We were going to banks. We were going to some individuals, some corporations. So it a combination of sources that we were going to raise funds and those funds that we raised, most of it was private. And then with that, we can leverage that to get SBA dollars are as well. And so we did that and then we did a number of other sources. Now, you know, because of, you know, access to capital is very prominent now, particularly for minority businesses. And given the environment that we have here in this country now, folks want to, you know what we call, get in the habit, you know, and we want to help them get it. So we are working with both private and public to get dollars to invest in our communities. And the returns has been good, though we’ve had losses. Yes, absolutely. Matter of fact, you’re not taking any risk, if you don’t have losses, right? Yes, there’s no question about it, but it’s been a combination of our strategy to leverage initially public dollars from the state, get legislation through so to supplement and complement itself. And then, you know, also get capital from the private sector. That has really helped us in terms of the number of kinds of businesses that we’ve been able to grow and develop, et cetera.

Kate Cooney (20:38):

One way Stanley Tucker has been able to create this continuum of capital is by creating a firm that manages multiple funds, both public and private. Another innovation Stanley spearheaded in Maryland is the only state to have done this is to include in the gaming bill that 1.5 percent of the gross revenues from casinos flow to a small business development fund for minority and women owned businesses. This is a model he hopes to replicate in the bill legalizing recreational cannabis.

Stanley Tucker (21:10):

OK. As a matter of fact, we are putting language in the recreational marijuana bill that’s going to be introduced probably in Maryland next year. And what we want to do is really duplicate when gaming came to Maryland, we were able to work with the Maryland Legislative Black Caucus to introduce language in the gaming bill that essentially says one and a half percent of the gross proceeds for video lottery terminal coming from video lottery terminals were going to a fund to invest back into small, minority and women owned businesses, so we want to duplicate that with the recreational marijuana. They’ve already passed medical marijuana in Maryland. But the real serious money is in recreation. So we want to duplicate a way of taking advantage of the time.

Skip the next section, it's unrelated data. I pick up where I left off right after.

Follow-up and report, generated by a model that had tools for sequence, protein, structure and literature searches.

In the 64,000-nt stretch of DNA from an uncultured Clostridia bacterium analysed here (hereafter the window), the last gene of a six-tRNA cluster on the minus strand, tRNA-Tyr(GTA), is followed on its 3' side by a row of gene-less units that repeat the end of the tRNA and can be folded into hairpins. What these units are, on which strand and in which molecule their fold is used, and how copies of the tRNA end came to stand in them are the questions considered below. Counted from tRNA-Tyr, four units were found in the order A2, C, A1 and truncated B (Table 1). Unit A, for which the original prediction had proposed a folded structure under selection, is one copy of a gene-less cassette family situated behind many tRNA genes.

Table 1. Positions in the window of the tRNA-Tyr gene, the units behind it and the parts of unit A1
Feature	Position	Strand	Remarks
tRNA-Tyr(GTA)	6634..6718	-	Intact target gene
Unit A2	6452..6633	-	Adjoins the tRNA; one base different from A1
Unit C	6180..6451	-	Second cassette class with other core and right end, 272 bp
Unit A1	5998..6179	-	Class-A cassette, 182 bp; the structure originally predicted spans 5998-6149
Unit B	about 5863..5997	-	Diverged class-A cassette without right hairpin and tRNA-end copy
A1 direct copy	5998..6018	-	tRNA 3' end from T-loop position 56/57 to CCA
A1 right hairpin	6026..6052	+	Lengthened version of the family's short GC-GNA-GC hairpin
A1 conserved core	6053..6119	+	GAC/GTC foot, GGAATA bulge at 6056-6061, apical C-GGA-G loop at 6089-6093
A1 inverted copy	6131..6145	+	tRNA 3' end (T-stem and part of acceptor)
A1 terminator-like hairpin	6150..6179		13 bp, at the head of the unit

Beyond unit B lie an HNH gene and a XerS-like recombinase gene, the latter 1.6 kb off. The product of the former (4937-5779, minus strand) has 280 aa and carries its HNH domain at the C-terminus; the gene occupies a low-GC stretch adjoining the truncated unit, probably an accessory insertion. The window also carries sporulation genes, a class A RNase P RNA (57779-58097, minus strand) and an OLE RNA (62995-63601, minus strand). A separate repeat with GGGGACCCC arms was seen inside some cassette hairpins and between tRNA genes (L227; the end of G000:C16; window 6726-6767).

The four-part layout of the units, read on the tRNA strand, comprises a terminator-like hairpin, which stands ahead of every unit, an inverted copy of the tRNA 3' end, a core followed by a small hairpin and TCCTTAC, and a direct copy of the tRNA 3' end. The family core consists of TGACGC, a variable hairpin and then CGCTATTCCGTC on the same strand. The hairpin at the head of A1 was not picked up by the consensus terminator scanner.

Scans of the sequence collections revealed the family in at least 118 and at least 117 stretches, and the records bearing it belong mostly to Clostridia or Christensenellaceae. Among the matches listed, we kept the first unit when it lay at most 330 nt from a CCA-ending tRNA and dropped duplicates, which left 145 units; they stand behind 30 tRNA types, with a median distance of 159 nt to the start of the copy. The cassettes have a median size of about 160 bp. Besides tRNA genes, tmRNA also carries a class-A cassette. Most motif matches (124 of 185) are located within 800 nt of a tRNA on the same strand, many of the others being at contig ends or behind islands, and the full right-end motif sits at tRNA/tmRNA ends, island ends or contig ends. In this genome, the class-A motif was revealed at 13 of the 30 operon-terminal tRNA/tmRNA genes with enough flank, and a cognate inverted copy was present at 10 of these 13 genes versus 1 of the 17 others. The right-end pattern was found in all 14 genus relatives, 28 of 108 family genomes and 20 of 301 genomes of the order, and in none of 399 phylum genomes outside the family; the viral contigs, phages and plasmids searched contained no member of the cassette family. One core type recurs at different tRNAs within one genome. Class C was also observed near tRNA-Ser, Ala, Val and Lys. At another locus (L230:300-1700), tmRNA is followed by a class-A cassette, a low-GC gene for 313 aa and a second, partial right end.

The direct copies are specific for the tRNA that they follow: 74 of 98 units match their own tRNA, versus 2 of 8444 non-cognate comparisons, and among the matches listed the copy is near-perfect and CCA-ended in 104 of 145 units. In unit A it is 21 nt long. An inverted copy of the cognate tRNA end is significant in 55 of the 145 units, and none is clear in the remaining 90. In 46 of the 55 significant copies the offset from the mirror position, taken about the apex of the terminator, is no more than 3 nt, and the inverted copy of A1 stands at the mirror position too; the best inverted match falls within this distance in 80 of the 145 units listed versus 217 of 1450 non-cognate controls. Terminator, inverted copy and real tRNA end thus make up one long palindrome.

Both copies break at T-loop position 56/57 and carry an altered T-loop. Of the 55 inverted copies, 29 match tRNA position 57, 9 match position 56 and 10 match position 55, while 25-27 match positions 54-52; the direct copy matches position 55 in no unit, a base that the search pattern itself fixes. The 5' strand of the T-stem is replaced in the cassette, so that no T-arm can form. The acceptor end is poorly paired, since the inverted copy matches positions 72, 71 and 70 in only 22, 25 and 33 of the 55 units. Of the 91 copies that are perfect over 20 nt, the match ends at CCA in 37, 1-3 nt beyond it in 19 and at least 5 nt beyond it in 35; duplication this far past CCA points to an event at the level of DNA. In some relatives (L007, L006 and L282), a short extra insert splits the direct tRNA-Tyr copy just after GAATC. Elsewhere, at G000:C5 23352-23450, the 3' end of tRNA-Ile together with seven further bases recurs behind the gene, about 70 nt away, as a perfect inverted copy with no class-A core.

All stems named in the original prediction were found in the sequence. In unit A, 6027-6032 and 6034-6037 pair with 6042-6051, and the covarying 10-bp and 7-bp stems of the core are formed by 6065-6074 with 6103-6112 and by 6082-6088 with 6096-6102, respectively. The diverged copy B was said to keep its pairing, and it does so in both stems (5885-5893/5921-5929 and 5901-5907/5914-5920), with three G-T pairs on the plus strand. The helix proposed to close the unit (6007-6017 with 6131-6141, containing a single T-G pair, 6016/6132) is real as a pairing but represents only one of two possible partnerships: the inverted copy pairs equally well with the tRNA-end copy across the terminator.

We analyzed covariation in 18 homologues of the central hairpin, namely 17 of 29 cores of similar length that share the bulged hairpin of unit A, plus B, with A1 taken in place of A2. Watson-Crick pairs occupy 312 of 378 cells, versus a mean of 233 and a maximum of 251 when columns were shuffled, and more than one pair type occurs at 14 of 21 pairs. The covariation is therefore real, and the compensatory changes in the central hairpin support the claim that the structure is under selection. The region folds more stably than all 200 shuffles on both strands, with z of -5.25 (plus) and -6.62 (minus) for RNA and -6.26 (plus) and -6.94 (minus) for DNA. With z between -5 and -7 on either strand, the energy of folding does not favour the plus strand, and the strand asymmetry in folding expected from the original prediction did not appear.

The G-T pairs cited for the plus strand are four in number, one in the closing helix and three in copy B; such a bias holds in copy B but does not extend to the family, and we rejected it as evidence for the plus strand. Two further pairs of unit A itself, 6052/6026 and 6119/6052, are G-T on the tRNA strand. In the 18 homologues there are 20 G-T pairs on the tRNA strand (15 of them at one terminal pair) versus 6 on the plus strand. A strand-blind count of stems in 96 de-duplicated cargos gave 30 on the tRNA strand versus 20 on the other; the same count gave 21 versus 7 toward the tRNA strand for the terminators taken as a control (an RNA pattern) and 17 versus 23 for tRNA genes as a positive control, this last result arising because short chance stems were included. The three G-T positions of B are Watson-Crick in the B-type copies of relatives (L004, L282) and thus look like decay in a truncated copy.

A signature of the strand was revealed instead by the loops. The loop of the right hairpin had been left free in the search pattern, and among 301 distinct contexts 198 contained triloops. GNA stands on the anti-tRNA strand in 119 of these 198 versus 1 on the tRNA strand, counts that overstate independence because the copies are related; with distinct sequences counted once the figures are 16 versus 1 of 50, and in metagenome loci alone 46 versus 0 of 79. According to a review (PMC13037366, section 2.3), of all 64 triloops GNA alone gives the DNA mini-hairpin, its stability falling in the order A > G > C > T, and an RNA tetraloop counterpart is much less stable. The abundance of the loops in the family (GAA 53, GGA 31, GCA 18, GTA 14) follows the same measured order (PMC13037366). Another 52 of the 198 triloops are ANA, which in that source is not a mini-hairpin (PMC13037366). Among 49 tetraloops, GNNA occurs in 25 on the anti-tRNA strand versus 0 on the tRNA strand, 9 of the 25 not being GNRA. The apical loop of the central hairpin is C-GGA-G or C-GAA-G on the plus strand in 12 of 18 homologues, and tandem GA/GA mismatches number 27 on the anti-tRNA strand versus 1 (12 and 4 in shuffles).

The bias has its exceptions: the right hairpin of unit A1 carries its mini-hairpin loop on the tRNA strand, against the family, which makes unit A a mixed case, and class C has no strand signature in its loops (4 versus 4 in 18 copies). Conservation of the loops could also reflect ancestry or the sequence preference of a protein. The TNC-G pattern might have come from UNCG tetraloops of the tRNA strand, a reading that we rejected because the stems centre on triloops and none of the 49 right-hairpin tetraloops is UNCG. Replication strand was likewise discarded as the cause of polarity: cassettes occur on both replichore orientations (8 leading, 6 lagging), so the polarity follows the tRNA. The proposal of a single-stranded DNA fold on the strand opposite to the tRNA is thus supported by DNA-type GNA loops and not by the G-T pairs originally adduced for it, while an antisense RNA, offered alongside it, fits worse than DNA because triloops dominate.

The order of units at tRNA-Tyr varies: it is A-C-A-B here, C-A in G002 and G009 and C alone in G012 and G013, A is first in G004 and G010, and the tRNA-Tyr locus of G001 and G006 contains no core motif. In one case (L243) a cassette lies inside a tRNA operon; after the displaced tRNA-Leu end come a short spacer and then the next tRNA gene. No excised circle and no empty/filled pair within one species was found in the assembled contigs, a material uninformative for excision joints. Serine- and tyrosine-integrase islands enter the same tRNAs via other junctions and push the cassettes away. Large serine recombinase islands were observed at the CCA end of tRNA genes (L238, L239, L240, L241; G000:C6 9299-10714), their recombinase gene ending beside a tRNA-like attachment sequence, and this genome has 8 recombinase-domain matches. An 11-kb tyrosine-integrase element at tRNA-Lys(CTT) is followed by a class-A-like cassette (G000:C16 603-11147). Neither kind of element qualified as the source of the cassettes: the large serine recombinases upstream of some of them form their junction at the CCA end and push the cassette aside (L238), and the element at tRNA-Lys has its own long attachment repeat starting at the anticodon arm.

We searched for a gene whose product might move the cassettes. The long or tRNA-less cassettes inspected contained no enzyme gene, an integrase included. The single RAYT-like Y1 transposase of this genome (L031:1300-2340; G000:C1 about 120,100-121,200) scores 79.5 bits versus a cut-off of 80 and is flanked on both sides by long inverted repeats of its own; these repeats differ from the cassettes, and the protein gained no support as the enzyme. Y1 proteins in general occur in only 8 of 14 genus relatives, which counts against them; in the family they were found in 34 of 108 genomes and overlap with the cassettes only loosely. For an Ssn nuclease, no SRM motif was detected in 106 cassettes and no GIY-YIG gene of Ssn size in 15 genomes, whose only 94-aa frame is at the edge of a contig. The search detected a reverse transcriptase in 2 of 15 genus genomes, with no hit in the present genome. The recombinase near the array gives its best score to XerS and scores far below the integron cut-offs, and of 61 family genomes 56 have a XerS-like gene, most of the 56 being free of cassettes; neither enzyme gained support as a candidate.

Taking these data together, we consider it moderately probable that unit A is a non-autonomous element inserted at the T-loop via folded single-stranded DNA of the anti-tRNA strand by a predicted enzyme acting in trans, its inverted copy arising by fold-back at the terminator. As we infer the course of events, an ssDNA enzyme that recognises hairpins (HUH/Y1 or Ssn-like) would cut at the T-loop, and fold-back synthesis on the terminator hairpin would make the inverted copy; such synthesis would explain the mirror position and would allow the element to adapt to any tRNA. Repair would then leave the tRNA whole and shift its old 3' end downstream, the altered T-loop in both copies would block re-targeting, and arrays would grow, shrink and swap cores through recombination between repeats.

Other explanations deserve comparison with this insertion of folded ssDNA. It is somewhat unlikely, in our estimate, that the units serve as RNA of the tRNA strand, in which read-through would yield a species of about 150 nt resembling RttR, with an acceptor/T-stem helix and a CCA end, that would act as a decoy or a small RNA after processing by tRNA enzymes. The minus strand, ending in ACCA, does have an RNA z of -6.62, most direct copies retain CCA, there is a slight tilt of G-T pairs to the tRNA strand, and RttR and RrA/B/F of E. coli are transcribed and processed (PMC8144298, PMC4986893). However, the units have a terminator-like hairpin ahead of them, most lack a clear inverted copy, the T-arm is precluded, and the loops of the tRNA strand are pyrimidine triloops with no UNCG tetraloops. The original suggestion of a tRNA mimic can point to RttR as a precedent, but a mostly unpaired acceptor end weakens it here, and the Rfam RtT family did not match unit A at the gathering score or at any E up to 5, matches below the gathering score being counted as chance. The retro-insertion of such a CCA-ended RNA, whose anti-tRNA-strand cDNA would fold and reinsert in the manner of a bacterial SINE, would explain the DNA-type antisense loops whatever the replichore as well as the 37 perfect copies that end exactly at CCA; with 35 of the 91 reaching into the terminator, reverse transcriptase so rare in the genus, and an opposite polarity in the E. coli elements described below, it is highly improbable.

Kate Cooney (22:08):

Has that been a big revenue stream, the one and a half gross proceeds?

Stanley Tucker (22:16):

Yes. So much so that some of the legislators tried to dip into the pot. For various, you know, projects they saw, they saw this money, all this money coming. Okay. And so it’s been a double edged sword. However, you know, we not, they are the fund managers, even though it was our idea and we it took us 10 years to get it through. So anyway, you know, we want to duplicate that strategy with recreational marijuana. And actually, as you see, all of the states are doing, especially in the time of COVID, whereas we had a very damaging impact on state revenues. And so you know with this is going to actually help state tax revenue. And so it’s going to happen. There’s no question about that. We just want a small one and a half percent. You know, and it is, it will be in the bill.

Kate Cooney (23:23):

Many states are including equity amendments in their cannabis legislation, but these typically set aside a certain number of cannabis licenses for entrepreneurs coming from communities differentially affected negatively from the war on drugs. Stanley’s approach offers another avenue to equity, one that doesn’t require someone to enter the legal cannabis industry, but instead creates a steady flow of capital from that industry to fund a range of business development activities to support entrepreneurial ambitions more broadly. Over the years, Stanley’s firm has become very adept at catering to the public sector’s return on investment requirements.

Stanley Tucker (24:01):

Part of the state’s funding, they’re also looking for economic impact analysis. They want to know for every dollar we spend, what is the economic impact of that dollar? They want to know what their return of investment is, if we put X number of dollars into the Maryland Small Business Development Financing Authority etc. What’s going to be the return? They are looking for jobs and they are looking for taxes coming back into the state and local coffers. This is where my Morgan and Carnegie Mellon training really, really came in because we knew how to analyze data. We know how to collect and analyze data and tell the story that needs to be told quantitatively, not what we think, here are what the numbers say. And you can bring in your economists and look at it and whatnot. And we help and economists develop their econometric model that would determine what our economic impact analysis has been over the years.Yeah.